A Walk Through the Forest, April 2024

Ah, springtime flowers are starting to appear all through the forest and yard here in North Central Florida. I decided to take a walk this morning to see what exactly is growing and blooming, and I was excited to find many of my favorites, like clematis and lavender-tinted oakleaf fleabane. These photos are nice, but you’ll want to watch the video on my YouTube channel, too!


Prickly Pear Pad Cactus

Showy bright pink blossoms on the green oblong pads

Prickly pear cactus (a subgroup of Opuntia) grow randomly around the forest, and we’ve been planting pads here and there around the house for a few years now. One of our dear friends passed away in 2021, and her daughter welcomed us to take out her mother’s prized cactus. It was massive, and we had to break it up into pieces to transplant it. Now here at our house, it’s starting to grow again. This month, amazing neon pink blossoms have sprout from the pads. They’re gorgeous!


Globe Sedge Grass

Grass with soft, pointy seed pods

The pine forest here is dry and sandy, and every spring we get a nice bunch of globe sedge (Cyperus globulosus). While most horticulturists classify sedge as a weed, we see it as a grass, because weeds are noxious and globe sedge is not. The goats nibble it, which means it’s free food, which means it’s a good plant to have growing. 


Wild Virgin’s Bower Clematis

Downward Pointing Bell-Shaped Flowers

Every other year or so I come across wild clematis vines that grow along the driveway. The vines cling to other plants and oak saplings, the same shade of green as the other leafy plants, and they’re only noticeable when they start producing bell-shaped flowers and (later) whirly seedheads. 

So, the BBC gardening show once had a feature on clematis, and the expert said something about there being hundreds and hundreds of clematis varieties. I don’t know for sure this is virgin’s bower, but the whirly seedpods look like the ones in photos on the Florida native plant websites.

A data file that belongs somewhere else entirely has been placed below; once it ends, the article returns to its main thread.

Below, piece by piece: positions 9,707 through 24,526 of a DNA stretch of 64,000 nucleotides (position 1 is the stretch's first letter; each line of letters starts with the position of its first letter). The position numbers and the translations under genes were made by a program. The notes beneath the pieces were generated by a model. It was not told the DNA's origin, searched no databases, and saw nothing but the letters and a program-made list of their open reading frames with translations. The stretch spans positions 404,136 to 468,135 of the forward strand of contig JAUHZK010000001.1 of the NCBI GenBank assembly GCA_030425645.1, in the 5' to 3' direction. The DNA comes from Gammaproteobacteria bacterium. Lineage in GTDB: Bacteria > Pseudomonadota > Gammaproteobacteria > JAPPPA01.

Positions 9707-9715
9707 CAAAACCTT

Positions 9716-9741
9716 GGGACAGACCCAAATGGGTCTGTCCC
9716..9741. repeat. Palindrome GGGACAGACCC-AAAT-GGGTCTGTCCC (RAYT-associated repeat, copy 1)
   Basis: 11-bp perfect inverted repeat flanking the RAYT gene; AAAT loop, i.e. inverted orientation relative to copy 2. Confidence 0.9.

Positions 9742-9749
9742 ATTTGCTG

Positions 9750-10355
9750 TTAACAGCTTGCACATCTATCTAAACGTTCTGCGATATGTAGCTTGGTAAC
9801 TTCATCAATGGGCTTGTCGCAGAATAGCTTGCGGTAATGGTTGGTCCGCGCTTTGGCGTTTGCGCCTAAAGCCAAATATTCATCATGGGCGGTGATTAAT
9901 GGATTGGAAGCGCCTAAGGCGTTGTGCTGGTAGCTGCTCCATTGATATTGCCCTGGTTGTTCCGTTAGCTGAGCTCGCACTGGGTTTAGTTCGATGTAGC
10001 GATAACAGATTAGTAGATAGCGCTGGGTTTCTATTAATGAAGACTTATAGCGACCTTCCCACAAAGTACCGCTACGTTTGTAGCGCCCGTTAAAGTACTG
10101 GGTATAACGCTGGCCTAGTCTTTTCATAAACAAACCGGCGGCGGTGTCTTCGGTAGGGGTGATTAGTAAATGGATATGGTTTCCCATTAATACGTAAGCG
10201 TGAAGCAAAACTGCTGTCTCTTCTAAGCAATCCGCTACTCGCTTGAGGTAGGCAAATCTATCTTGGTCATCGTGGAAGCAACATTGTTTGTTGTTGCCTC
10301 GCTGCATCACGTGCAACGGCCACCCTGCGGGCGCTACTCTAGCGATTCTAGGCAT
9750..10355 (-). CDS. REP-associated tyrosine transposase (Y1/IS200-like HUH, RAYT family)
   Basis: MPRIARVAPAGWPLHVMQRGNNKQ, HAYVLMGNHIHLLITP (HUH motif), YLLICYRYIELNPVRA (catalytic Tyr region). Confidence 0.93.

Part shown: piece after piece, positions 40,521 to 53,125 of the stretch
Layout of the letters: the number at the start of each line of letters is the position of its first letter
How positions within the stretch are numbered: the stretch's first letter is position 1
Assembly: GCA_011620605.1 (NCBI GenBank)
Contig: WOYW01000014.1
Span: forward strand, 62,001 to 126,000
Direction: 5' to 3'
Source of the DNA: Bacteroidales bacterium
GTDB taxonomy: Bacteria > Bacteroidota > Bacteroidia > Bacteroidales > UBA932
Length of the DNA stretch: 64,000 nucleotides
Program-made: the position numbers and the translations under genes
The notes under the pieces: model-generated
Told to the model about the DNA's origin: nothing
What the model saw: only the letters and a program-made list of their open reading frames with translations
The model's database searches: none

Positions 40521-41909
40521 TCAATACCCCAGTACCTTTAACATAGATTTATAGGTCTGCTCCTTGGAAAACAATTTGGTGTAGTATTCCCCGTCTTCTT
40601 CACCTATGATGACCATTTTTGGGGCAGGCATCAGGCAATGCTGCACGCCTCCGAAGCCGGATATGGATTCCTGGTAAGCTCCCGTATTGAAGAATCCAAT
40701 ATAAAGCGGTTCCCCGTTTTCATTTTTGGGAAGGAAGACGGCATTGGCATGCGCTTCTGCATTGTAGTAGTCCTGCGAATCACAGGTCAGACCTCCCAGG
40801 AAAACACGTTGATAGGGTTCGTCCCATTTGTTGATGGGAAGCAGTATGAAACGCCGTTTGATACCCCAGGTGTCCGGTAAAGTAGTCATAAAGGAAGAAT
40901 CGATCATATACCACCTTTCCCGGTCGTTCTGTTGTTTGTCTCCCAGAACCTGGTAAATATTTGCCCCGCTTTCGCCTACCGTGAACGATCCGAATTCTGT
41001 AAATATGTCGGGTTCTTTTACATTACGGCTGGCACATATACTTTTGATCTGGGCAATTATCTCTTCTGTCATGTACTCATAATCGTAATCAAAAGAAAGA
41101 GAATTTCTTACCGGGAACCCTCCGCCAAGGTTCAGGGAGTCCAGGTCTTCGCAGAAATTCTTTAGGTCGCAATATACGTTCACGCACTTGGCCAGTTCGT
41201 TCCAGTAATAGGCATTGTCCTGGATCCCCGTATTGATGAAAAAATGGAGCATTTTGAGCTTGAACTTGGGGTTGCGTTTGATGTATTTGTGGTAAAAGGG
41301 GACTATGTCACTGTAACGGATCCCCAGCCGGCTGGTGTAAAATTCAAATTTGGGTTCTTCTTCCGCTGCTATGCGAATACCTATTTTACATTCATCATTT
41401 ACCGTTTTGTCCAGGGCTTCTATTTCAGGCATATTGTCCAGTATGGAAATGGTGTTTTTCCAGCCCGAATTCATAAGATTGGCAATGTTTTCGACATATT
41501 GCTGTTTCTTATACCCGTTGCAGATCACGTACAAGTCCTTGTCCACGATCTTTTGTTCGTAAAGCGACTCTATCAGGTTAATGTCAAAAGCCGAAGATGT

Multicolored Wild Lantana

Invasive but beautiful 

Come April and the lantana plants are usually six feet tall and six feet around. Lantana (Verbenaceae) is considered invasive, but it is a wonderful pollinator plant. Flowers have been blooming for a few months now, and many of the clusters of pink, yellow, and orange are now bouquets of green seed balls. Soon, the seeds will turn black and then fall off.


Oakleaf Fleabane

Tiny, Delicate daisy-like wildflower

These tiny flowers appear in spring and dance in the breeze, and they make me smile. Oakleaf fleabane (Erigeron quercifolius) find the moist areas of the sandy pine forest, and they do well under the shade of the Spanish needle. I love these so much that I actually walked bare-legged through stinging nettle to get closer. The blossoms are maybe a centimeter in diameter, with slender lavenderish-white florets around a yellow disk. 


Blackroot Cones

Wildflower with hard white flowering pods

The blackroots (Pterocaulon pycnostachyum) have grown to about two feet tall, and the moderately stiff cones have formed. If you look at the base on the mature cones, you can see that the bottom rows are already started to blossom. From each pod comes white and yellow spikes that attract flying pollinators, and then the pollinated flowers will fluff up with seeds. Even though the cones create a gazillion seeds, we only see a couple plants in the forest. 


Purple Lily-like Meadow Flower

Vibrant purple flowers in the moist meadow

Every year I look up the name of these clustering purple flowers, and every year I forget. The flowers were in full bloom a week or two ago, but they’re fading away now. The flowers are a vibrant purple, and I like squeezing the buds to release the violet ink inside. (See the video…) They thrive in the meadow, where the sun shines all day long and the soil is moist and well-draining. While most of the wildflowers have soft stems, this plant’s stem is stiff and the flowers stand tall.


Dog Fennel

Macho ferns that I love to hate

You either love dog fennel (Eupatorium capillifolium), or you hate it. I brought a few plants over from my in-laws’ meadow, and while planting them, a friend staying with us asked why I was planting that “f’ing weed.” Dog fennel are definitely a weed, and they’re part of the Asteraceae (daisy) family. The leaves on the clumping stems are aromatic, and later in the summer white wispy flowers form and the plant looks like it’s covered in snow. Dog fennel grows six or even seven feet tall, and the they sway softly in the summer breeze. After summer, the stems dry out to brow sticks that mark the plant’s place in the yard. 

Right now, new shoots are growing. I’m not sure if this clump is going to stay where it is, but I have time to think about it. The plant is relatively easy to pull up, with its shallow root system.

Watch the video!

You’ll want to watch the video, too, to see cats Yoda and Sylvester and goat Rhonda, along with a butterfly visitor, aphids on the milkweeds, and lubber grasshoppers. Another spring is here, and the wonderful Florida weather has brought many visitors. Find the video on YouTube, at https://www.youtube.com/watch?v=KUXBQWaFB8I

Thanks for reading! Don’t forget to check out my latest video on YouTube